Brands, Positioning and Cultural Sensitivity
The South China Morning Post recently ran a full-page report on the rapid growth of the private aviation market in China. focusing on the emergence of the second-hand market for private jets.
In the case of jets, buying second-hand does not necessarily mean buying a used aircraft. In recent years, there have been significant numbers of private jets ordered which buyers are unable to settle the final payments on; which then enter the re-sale market as distressed assets.
More interesting, however, was a sidebar story which described how one of the leading global private jet makers changed the name of one of its top new aircraft models just for the sake of the China market.
Although Gulfstream Aerospace has not publicly confirmed a link between the name change and the China market, various industry sources told the SCMP that this is in fact the background to the decision.
The Gulfstream G250 long-range, large-cabin private jet was unveiled in 2008 amid much marketing fanfare.
The good news was that the product launch in 2008 paralleled the emergence of the mainland’s private jet market, but, in another way, that was also the bad news. Gulfstream reportedly got feedback from a variety of industry sources in China that the new model’s designation, G250, had unfortunate and undesirable associations in the Chinese language and culture.
“250” in Putonghua can mean “stupid”, so to describe someone as “250” is like calling them a dummy or imbecile. The origins of this expression date from ancient Chinese culture and derive from the use in those days of strings of copper coins. A string of 1,000 coins had a standard measure of value. Half that many coins, 500, eventually came to connote something or someone sub-standard, and half again — “250” — came to mean something or someone severely lacking.
In other words, this expression has been around a long time. It’s not one of those slang expressions that come and go quickly with some passing fad. This is the type of thing marketers need to pay attention to when choosing brand and model names to be consistent with their positioning strategy, including all key national target markets.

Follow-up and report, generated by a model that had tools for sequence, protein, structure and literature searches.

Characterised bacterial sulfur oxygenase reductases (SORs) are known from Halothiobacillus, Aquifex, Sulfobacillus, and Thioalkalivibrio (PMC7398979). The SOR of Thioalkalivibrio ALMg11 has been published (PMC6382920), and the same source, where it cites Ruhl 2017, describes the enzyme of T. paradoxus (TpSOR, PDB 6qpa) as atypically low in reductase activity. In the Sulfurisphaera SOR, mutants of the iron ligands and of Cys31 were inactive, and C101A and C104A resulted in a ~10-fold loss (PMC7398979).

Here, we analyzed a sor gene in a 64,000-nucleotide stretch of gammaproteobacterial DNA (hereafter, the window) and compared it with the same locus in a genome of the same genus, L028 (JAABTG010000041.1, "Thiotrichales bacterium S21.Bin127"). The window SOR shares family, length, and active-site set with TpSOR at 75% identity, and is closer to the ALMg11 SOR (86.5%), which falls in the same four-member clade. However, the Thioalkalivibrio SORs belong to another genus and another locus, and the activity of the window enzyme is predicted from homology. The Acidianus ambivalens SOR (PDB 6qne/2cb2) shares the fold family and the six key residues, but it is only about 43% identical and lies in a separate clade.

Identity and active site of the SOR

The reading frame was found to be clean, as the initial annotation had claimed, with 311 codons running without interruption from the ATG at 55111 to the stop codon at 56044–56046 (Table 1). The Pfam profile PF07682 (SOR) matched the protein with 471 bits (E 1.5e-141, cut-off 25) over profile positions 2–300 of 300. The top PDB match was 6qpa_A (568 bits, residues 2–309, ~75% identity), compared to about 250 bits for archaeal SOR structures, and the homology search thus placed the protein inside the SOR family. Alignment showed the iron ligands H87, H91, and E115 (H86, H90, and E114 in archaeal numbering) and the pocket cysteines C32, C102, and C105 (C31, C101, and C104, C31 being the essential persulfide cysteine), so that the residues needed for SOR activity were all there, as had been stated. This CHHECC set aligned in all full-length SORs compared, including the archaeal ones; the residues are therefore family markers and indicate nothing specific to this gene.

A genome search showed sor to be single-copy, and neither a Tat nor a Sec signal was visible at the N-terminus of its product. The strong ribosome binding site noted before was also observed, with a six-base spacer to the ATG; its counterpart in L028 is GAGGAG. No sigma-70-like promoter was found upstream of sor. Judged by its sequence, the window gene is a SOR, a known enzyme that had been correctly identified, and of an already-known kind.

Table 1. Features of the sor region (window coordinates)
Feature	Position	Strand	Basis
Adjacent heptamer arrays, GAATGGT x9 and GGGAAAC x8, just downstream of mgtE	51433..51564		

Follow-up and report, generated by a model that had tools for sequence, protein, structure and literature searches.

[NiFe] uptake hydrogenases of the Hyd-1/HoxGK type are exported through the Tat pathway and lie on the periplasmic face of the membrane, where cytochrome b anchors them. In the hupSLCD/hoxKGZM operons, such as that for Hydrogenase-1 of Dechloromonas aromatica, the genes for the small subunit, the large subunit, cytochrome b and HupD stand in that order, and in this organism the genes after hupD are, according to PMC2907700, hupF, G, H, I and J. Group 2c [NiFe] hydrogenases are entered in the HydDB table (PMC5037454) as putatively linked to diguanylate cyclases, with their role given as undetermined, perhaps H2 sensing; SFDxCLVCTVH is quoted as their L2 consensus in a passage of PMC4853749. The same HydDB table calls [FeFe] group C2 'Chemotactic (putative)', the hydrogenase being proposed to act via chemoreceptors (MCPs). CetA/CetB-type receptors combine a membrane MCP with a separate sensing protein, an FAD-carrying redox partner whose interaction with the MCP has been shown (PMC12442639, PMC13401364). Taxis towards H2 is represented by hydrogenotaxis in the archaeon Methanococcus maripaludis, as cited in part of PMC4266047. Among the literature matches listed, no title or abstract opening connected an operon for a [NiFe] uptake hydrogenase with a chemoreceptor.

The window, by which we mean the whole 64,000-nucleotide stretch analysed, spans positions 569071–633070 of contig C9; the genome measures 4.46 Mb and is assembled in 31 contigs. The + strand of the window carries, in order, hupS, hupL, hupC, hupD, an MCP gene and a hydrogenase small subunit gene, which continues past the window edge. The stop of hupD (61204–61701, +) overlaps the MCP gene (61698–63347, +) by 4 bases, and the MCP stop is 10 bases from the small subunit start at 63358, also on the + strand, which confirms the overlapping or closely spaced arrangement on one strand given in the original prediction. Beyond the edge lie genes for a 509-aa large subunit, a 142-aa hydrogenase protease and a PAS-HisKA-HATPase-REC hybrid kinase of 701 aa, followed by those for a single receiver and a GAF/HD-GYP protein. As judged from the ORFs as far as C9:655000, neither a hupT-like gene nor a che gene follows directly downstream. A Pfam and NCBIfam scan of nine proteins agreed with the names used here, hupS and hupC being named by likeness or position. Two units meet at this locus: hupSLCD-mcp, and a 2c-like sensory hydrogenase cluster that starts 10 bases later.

Gulfstream must have gone to considerable expense when, three years after the G250’s launch, they decided to rename it the G280. Marketing materials, user manuals, and aviation regulatory filings around the world must all have needed redoing.
Regardless of the expenses involved, they made a smart business decision. It’s hard to imagine any super successful Chinese entrepreneur wanting to spend large amounts of money to be flown around on his own personal “250”.
It brings to mind a similar issue which confronted a new hotel in Beijing in the early 1980s. For many years, foreign tourists and business visitors to Beijing stayed either at the Beijing Hotel, the Friendship Hotel, or the Minzu Hotel. This was before the large-scale advent of international hotel brands and management into China.
So, there was quite a bit of attention paid to the opening of another new local hotel on Changan Street in Beijing, to the west of the Minzu Hotel. It’s name — the Fuxing Hotel — created a lot of chuckles among foreigners.
For the typical non-Chinese who does not know the hanyu pinyin system of romanizing Chinese characters, “fuxing” reads like a verb form derived from the English four-letter word beginning with “f”; and therefore a funny-sounding name for a hotel.
This was commented on in various international media reports in those days, and before we knew it, the new hotel’s name was changed.
The funny thing is, I remember the name “Fuxing”, but I can’t remember what that hotel’s name was changed to. Perhaps some reader will volunteer to help provide that information?
Moral: it’s important to do careful research into brand names and model names, and this needs to include multiple geographies, cultures, and languages.
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